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Bishop Marray hand-delivered a copy of the following letter to our friend Rabbi Peter Hyman, from Temple B’Nai Israel, here in Easton. In response to the tragic shootings in Pittsburgh this past Sunday, the Bishop also attended a gathering at Temple B’nai Israel for a community service of Solidarity and Healing on Thursday, November 1st. Many members of the Episcopal Christian community, both clergy and laity were present and participating in the worship service and other similar services around the Eastern Shore. Our solidarity with our friends of the Jewish Community is reflective of our baptismal call to respect the dignity of every human being.

Dear Rabbi Hyman, Brothers and Sisters of our Jewish Family,

On behalf of the entire Episcopal Diocese of Easton, I offer deep condolences to all members of Temple B’nai Israel on the senseless and barbaric act of hatred and unspeakable murderous attack on innocent members of the Tree of Life Synagogue in Pittsburgh. We include in our sentiments all those affected by the horrific crime that shattered the lives of so many of God’s beloved children. This senseless act took eleven innocent lives engaged in the most solemn act of human freedom that this nation affords its citizens – the worship of Almighty God. We vehemently condemn in any form or fashion verbal or physical all acts of hatred, bigotry, injustice and Anti-Semitism directed against all God’s children. We join with the majority of Americans to pray for greater efforts on the part of everyone to uphold the virtue of love, kindness, tolerance and civility in the public domain. The Baptismal Covenant of the Episcopal family affirms our belief and commitment toward upholding the dignity and respect we profess for every human being.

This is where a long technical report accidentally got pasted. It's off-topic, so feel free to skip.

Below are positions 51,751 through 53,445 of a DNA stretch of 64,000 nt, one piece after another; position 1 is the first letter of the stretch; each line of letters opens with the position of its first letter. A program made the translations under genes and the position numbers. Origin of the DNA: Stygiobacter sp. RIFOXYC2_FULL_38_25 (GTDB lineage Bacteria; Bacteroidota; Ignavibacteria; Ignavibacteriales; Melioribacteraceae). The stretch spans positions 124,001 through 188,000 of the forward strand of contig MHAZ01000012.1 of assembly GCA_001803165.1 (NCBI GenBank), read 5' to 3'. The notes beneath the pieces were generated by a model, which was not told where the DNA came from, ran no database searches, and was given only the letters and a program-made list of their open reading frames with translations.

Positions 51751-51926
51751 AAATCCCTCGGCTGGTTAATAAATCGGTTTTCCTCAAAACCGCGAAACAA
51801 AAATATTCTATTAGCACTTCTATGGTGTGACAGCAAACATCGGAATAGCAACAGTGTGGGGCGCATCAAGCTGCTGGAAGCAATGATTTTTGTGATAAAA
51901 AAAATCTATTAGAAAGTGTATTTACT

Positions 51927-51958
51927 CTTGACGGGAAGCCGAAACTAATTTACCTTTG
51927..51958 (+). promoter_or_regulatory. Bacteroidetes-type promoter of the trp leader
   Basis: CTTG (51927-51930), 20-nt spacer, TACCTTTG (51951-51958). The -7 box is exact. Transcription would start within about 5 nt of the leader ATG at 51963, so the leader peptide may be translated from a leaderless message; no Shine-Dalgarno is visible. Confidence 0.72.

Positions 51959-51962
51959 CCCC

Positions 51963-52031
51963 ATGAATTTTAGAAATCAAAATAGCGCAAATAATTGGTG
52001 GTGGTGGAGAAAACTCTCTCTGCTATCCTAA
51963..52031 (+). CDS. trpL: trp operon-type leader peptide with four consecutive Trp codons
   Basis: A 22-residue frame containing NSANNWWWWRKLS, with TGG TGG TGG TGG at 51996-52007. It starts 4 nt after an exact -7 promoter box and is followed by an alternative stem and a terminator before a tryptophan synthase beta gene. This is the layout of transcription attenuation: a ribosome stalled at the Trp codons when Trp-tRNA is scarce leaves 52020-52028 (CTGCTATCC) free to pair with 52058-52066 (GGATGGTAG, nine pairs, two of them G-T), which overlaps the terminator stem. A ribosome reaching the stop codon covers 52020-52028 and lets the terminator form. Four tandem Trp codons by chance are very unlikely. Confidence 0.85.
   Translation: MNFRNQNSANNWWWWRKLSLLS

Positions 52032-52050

The Diocese of Easton Episcopalians stand in support of and solidarity with our Jewish sisters and brothers in this your time of unimaginable grief. We wish you to know that you and our Jewish family in Pittsburg are not standing alone. The Word of God as set forth in Deuteronomy 30:19 is the message to which you and I must hold fast: “Behold, I set before you this day, life and death, blessing and curse: therefore, choose life, that you and your descendants may live.” As Christians, we ourselves are children of Abraham by adoption. The deaths we grieve and the souls we pray for are truly those of our sisters and brothers!

The horror of the event, to attack and strike the elderly during worship, is heinous and must be condemned by all Christians and by all Americans. We must continue to pray for those affected and injured. We pray for the families of the victims. We pray for the Pittsburgh communities. We pray for our nation as a whole.

I invite you into a season of reflection and prayer. Please focus on this from our Book of Common Prayer:

O God, you made us in your own image and redeemed us
Through Jesus your Son: Look with compassion on the whole
Human family; take away the arrogance and hatred which
Infect our hearts; break down the walls that separate us;
Unite us in bonds of love; and work through our struggle
And confusion to accomplish our purposes on earth; that, in
Your good time, all nations and races may serve you in harmony
around your heavenly throne; through Jesus Christ our Lord. Amen.

Let me on this very sad occasion solemnly share with you the Aaronic Blessing:

The Lord bless you and keep you;
the Lord make his face to shine upon you, and be gracious to you;
the Lord lift up his countenance upon you, and give you peace
this day and forevermore: Amen!!

Every blessing!


The Right Rev. Santosh K. Marray
XI Bishop of Easton